Pearson correlations were used to verify associations between changes in sleep and mood. Changes in maximal strength and flexibility were also assessed using repeated measures ANOVA following the resistance exercise and stretching interventions, respectively. Of this total, did not meet the inclusion criteria. During the initial assessment stage, 30 of the remaining individuals were excluded in the medical screening. Thus 20 patients began the intervention programs and nine remained in the control group. One control group participant subsequently abandoned the study due to family problems.
All insomnia patients successfully completed the 48 exercise sessions. When a session was missed, it was rescheduled on any other weekday in the same week. Thus, all patients completed the session protocol. There were no significant baseline differences between treatments. The general characteristics of the participants are described in Table 1. Duncan post-hoc analysis showed significant differences between the control group and both the resistance exercise and stretching groups Table 2.here
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Post-hoc analysis showed significant differences between the control group and both the resistance and stretching groups for global PSQI score and sleep duration. Compared with the control group, PSQI-sleep efficiency improved only after resistance exercise Table 2. Post-hoc analysis showed significant differences between the control group and both the resistance exercise and stretching group for all above-described sleep variables Table 2.
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However, there were no significant post-intervention differences between the resistance exercise and stretching groups for actigraphic sleep. No significant differences were observed between groups for polysomnographic sleep measures. Post-hoc analysis showed significant differences between the control and stretching groups Table 3 , but not between the resistance exercise and stretching groups.
No significant correlations were observed between changes in tension-anxiety and sleep improvements. No significant quality of life differences were observed between groups Table 3. Table 4 summarizes the significant differences in maximum strength and flexibility between baseline, 2-month and post-intervention measures. The results did not support our first hypothesis that resistance exercise would lead to greater improvements in sleep than stretching. However, in agreement with our second hypothesis, both resistance exercise and stretching decreased insomnia severity ISI.
Moreover, both the resistance exercise and the stretching interventions improved sleep quality PSQI and actigraphic measures of home sleep SOL, WASO, and SE compared to the control group, but no significant differences between treatments were observed for polysomnographic variables. Stretching also reduced tension-anxiety, but no other significant treatment differences were observed for mood or quality of life.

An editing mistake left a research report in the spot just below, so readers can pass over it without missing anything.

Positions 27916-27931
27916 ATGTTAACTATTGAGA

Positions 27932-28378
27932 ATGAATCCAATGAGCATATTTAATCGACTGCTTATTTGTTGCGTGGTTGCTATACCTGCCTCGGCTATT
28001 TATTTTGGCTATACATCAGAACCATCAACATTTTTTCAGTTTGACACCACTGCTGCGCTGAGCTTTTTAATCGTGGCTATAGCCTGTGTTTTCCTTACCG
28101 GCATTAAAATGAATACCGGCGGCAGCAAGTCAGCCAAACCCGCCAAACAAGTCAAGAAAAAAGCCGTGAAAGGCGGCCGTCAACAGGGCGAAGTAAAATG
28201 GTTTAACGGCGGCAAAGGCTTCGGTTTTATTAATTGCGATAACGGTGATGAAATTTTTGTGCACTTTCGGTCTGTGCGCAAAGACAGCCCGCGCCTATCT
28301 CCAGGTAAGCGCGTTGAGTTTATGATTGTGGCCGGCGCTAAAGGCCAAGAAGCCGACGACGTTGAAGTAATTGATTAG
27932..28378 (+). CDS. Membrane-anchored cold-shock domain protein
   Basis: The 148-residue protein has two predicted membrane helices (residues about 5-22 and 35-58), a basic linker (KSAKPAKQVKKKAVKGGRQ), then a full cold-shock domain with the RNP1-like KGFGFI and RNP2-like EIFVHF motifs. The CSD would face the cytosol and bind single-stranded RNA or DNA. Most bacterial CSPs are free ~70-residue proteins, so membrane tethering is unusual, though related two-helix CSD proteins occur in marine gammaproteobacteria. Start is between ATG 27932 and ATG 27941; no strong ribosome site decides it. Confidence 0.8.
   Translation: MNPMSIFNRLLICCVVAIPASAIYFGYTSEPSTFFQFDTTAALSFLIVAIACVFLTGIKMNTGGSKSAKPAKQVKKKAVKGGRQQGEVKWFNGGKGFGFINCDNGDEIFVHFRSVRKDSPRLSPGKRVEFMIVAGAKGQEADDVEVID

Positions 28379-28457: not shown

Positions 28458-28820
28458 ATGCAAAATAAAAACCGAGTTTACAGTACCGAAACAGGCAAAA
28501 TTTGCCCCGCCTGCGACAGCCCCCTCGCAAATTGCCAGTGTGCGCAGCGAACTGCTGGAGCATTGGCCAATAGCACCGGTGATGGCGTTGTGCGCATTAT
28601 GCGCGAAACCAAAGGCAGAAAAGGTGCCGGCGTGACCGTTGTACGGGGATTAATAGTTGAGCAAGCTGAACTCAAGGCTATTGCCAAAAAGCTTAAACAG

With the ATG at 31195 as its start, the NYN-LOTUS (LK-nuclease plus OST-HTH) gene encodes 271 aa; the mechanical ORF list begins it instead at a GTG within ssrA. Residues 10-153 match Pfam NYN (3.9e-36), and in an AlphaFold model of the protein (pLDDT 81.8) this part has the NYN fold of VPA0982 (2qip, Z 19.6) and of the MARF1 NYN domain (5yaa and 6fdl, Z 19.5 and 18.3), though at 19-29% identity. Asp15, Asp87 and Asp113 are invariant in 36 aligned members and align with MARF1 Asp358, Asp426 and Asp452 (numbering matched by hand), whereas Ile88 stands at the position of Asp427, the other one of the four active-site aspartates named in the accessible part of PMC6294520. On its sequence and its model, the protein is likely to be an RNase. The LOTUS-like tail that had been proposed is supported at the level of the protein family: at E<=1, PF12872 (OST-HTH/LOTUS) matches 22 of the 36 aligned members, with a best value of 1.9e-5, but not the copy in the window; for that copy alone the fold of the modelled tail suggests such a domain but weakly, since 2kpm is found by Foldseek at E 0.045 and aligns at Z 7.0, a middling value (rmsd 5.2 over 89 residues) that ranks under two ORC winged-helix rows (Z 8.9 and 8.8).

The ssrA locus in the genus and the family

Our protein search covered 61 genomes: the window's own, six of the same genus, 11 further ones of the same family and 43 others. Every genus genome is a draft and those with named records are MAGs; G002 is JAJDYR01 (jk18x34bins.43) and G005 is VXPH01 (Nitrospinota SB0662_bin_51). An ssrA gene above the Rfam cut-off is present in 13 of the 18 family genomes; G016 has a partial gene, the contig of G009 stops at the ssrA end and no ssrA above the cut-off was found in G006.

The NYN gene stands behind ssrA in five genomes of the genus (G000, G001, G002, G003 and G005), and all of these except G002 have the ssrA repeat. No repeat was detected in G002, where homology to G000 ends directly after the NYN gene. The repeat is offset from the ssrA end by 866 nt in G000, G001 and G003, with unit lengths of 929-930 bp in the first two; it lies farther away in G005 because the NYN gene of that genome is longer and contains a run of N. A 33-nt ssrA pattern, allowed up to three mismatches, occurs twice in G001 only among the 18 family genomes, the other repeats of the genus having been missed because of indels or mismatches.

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Previous studies have described the positive effects of moderate-intensity aerobic exercise on objective and subjective sleep in patients with chronic insomnia. However, resistance exercise has been shown to cause significant improvements in subjective sleep quality in older adults with depression. Sleep improvement after stretching has also been observed in previous studies on postmenopausal women 25 and older adults 26 using a similar protocol. These improvements could be indicative of the tension-reducing effects of stretching, which could work in a similar way to progressive muscle relaxation, an established non-pharmacologic treatment for chronic insomnia.
Similarly, Li et al. Nevertheless, no significant correlation was observed between sleep improvement and anxiety reduction in the present study. Our expectation that resistance exercise would lead to greater sleep improvements than stretching was based on the more extensive literature indicating sleep improvements following resistance exercise. To our knowledge, this is the first study to have investigated the chronic effects of resistance exercise on insomnia and the first study to have evaluated sleep after resistance exercise using actigraphy and PSG.
In the present study, the lack of significant improvements in PSG measurements of objective sleep could be attributable to the fact that PSG was assessed on only one night, whereas actigraphy was assessed over 15 nights. Actigraphy has been a reliable method for evaluating sleep patterns in patients with insomnia.
One limitation of the present study was that participants were randomly assigned to the resistance or stretching groups, but not to the control group. However, control participants may be assessed in the manner employed in this study if they refuse to enter an experimental protocol. There were no significant differences between the control group and the other participants in baseline measures see Table 1. Nevertheless, there could have been differences between individuals who were willing and able to participate in the experimental study and those who were not.
These differences could have favored greater improvements in the experimental participants, although the control group could not be considered non-volunteers, since they did devote considerable time to the study assessments. However, numerous other potential biases associated with non-randomization and fewer participant-researcher interactions in the control group could have resulted in greater improvements in the experimental treatments, including expectancy, demand, and Hawthorne effects.
The small sample size was also a limitation. However, there was adequate power to detect differences between the control and experimental treatments. In conclusion, the results suggest no significant differences between 4-month resistance exercise vs.